“Not every film needs to be theatrical, but some belong in theaters,” Wilson adds. “The industry needs more product to continue to be healthy. Amazon can be part of that. This is a really positive thing for Amazon and the industry.”

“Air,” which is being released by Warner Bros. at the international box office, picked up $10.2 million from 59 overseas markets. Globally, the film has collected $30.4 million.

It’s not clear what kind of ticket sales it’ll need for Amazon to count the experiment as a win. “Air” cost $90 million to make and $40 million to market, so it’ll need to keep playing in theaters to justify its budget. Even if it struggles to turn a profit in theaters, Gross believes the film’s release strategy is “going to generate superior value at every stage.”

“‘Air’ is an example of theatrical distribution’s unique strength, and not just at the box office,” he says. “This movie is going to have greater impact and sell more subscriptions when it arrives on streaming than it would have done playing exclusively on its own streaming platform.”

In addition to directing, Affleck stars in “Air” with Matt Damon, Chris Tucker and Viola Davis. Opening weekend crowds were also high on “Air,” awarding it an “A” CinemaScore. Males accounted for 55% of ticket buyers and 37% were between the ages of 18-34.

Elsewhere, holdover titles rounded out box office charts. It’ll be a tight race for second, third and fourth place as Sunday’s estimates have “Air,” “John Wick: Chapter 4” and “Dungeons and Dragons: Honor Among Thieves” all within a few thousands of dollars of each other.

“John Wick 4″ added $14.6 million from 3,607 venues over the weekend. After three weeks on the big screen, the action sequel has generated $147 million in North America and $306 million globally. It will soon overtake the $328 million global tally of 2019’s “John Wick: Chapter 3 – Parabellum” to become the highest earner of the franchise.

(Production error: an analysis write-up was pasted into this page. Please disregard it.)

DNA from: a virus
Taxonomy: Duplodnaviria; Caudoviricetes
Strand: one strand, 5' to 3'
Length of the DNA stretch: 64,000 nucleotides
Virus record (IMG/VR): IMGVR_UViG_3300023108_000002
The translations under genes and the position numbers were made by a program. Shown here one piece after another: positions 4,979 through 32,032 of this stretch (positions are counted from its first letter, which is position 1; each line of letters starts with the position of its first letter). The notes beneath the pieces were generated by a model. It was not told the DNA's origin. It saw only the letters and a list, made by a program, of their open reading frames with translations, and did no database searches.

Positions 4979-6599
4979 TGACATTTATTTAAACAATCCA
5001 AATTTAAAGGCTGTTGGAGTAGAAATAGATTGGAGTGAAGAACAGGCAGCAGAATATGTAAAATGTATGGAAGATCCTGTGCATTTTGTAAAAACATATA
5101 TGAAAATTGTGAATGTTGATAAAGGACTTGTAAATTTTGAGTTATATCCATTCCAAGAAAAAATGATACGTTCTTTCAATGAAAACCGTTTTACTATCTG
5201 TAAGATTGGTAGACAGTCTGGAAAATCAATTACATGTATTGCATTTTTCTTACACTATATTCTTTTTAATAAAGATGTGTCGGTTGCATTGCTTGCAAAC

Meanwhile, “Dungeons and Dragons” collected $14.5 million from 3,856 theaters in its sophomore outing, a 61% decline from its opening weekend. So far, the fantasy adaptation has grossed $62 million at the domestic box office and another $62 million internationally, so it’ll need to keep rolling the dice to earn back its hefty $150 million price tag.

In fifth place, “Scream VI” added $3.3 million from 2,286 locations, bringing its domestic total to $103.8 million. It’s already improved upon its predecessor, 2022’s “Scream,” which ended its North American box office run with $81 million, and recently became the first installment in the long-running slasher series to hit the coveted $100 million mark in 26 years, since 1997’s “Scream 2” ended its theatrical run with $101 million.